The first formal voting on U.S. presidential candidates follows an unusually long campaigning period that featured an extraordinary number of foreign policy concerns. And just as the focus was shifting to domestic issues and matters of candidates’ personal characteristics (Newsweek), the death of Pakistani opposition leader Benazir Bhutto compelled contenders to refocus on U.S. foreign policy. Whether Iowa caucus-goers on January 3 placed high value on the candidates’ stances on U.S.-Pakistan policy, or any other foreign policy issue, remains unclear. The victory of Democrat Barak Obama and Republican Mike Huckabee may suggest a return to pocketbook issues (MSNBC) in U.S. politics. Still, as this CFR.org Issue Tracker on Pakistan suggests, candidates took pains to prove who has the most relevant foreign policy experience for dealing with Pakistan, Afghanistan, and other fronts in the Bush administration’s “war on terror.”
Sen. John McCain (R-AZ) raised Pakistan’s crisis as a talking point (Quad-City Times) in campaign events in Iowa and New Hampshire, highlighting his experience in the region and acquaintance with the major figures there. “I've been to Waziristan,” he told a New Hampshire crowd recently (AP). “I know how to handle this situation, and that’s because I have the experience and the knowledge, the background and judgment.”
Sen. Hillary Clinton comments on Pakistan in a similar vein, stressing her personal relationship with Bhutto. Still, twice last week, Clinton stumbled when she referred inaccurately to President Pervez Musharraf as a candidate in the upcoming Pakistani elections. One of her Democratic opponents, Joe Biden (D-DE), chairman of the Senate Foreign Relations Committee, seized on the error as proof that Clinton is one of “a number of candidates who are well-intended, but don’t even understand Pakistan” (BosGlobe). Former Arkansas Gov. Mike Huckabee seemed to raise similar concerns about his grasp of Pakistani issues, referring erroneously (CNN) to ongoing martial law there. Huckabee also attempted to make Bhutto’s assassination relevant to Iowans by warning that Pakistani illegal immigration could pose a threat to the United States (MSNBC), a remark which drew scoffs from those familiar with the demographics of illegal immigrants.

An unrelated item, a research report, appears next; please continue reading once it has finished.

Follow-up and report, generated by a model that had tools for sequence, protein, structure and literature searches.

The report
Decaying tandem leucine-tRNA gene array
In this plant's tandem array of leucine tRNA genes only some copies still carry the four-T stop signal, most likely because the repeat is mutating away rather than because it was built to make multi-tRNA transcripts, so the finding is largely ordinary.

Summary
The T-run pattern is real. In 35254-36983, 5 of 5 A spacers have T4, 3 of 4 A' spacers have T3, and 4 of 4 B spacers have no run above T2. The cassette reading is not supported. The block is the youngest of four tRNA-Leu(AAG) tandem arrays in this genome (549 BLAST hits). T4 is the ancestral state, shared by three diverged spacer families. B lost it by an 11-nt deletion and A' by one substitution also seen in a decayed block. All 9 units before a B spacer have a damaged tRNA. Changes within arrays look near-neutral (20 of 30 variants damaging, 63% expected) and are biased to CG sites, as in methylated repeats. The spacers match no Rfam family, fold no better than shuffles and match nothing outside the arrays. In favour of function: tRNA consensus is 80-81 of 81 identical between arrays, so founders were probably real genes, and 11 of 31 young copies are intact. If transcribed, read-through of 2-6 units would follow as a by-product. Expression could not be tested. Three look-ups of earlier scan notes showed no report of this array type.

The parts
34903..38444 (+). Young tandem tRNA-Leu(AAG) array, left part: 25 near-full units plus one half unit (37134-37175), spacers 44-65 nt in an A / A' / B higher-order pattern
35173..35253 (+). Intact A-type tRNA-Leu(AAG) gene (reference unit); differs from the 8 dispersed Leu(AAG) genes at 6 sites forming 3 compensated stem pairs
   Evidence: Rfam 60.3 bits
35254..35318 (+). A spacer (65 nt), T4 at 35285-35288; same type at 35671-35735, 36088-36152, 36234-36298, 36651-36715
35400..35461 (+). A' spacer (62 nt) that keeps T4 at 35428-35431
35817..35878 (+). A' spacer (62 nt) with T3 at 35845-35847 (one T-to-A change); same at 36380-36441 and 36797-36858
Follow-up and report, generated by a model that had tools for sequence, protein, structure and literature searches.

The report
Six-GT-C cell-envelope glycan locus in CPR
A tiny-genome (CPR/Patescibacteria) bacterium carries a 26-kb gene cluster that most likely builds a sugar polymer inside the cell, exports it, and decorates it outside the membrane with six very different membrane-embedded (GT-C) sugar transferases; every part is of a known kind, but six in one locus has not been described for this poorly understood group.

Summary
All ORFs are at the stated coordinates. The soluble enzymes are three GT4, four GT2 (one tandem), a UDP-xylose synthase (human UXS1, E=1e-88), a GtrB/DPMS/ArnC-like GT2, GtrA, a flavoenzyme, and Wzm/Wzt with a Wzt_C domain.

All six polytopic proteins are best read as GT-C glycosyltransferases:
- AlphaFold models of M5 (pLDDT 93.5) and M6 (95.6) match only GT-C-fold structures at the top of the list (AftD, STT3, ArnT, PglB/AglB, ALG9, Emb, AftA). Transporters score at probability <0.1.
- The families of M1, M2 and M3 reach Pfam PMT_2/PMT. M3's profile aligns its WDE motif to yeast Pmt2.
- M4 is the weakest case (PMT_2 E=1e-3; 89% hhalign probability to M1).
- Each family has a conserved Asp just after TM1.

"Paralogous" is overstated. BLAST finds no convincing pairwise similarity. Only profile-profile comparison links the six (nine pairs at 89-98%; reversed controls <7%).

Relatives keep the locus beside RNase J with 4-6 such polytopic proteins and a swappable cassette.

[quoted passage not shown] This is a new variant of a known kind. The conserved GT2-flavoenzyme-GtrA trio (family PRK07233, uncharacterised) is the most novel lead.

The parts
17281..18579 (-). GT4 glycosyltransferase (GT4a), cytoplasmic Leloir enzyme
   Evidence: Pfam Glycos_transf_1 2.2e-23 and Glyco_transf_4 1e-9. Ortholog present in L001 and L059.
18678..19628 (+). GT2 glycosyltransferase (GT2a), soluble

Of all the issues which intersect with foreign policy, immigration has dominated the agenda for Republican candidates, the Washington Post’s Jonathan Weisman writes. Mitt Romney’s campaign, disappointed at its second place finish in Iowa, kept up its attack on rivals viewed as soft on illegal immigrants, issuing a recent statement criticizing Huckabee for supporting “in-state tuition for illegals.” But in the last days before the caucuses, leading Republicans focused primarily on their experience or personal values, setting aside the immigration battles (WashPost), if only temporarily.
Immigration remained the dominant issue for Republican Iowa caucus-goers, according to a Des Moines Register poll released before the vote, which identifies Iraq, terrorism, and religious values as the other top concerns on the GOP side. The poll shows Iraq as the main issue for Iowa Democrats, even as leading Democratic candidates have focused away from Iraq in recent months.
The immediate decisions by Biden and another Democrat on the Senate Foreign Relations Committee, Christopher Dodd of Connecticut, to drop out of the race, led analysts to question whether Iraq or other international issues carry as much weight as was once assumed. New Hampshire may force yet another reevaluaton. But, for now, as one Iowan explained to the Miami Herald this week, ''I want a complete turnaround over the next eight years, so I see domestic policy as important as foreign policy.''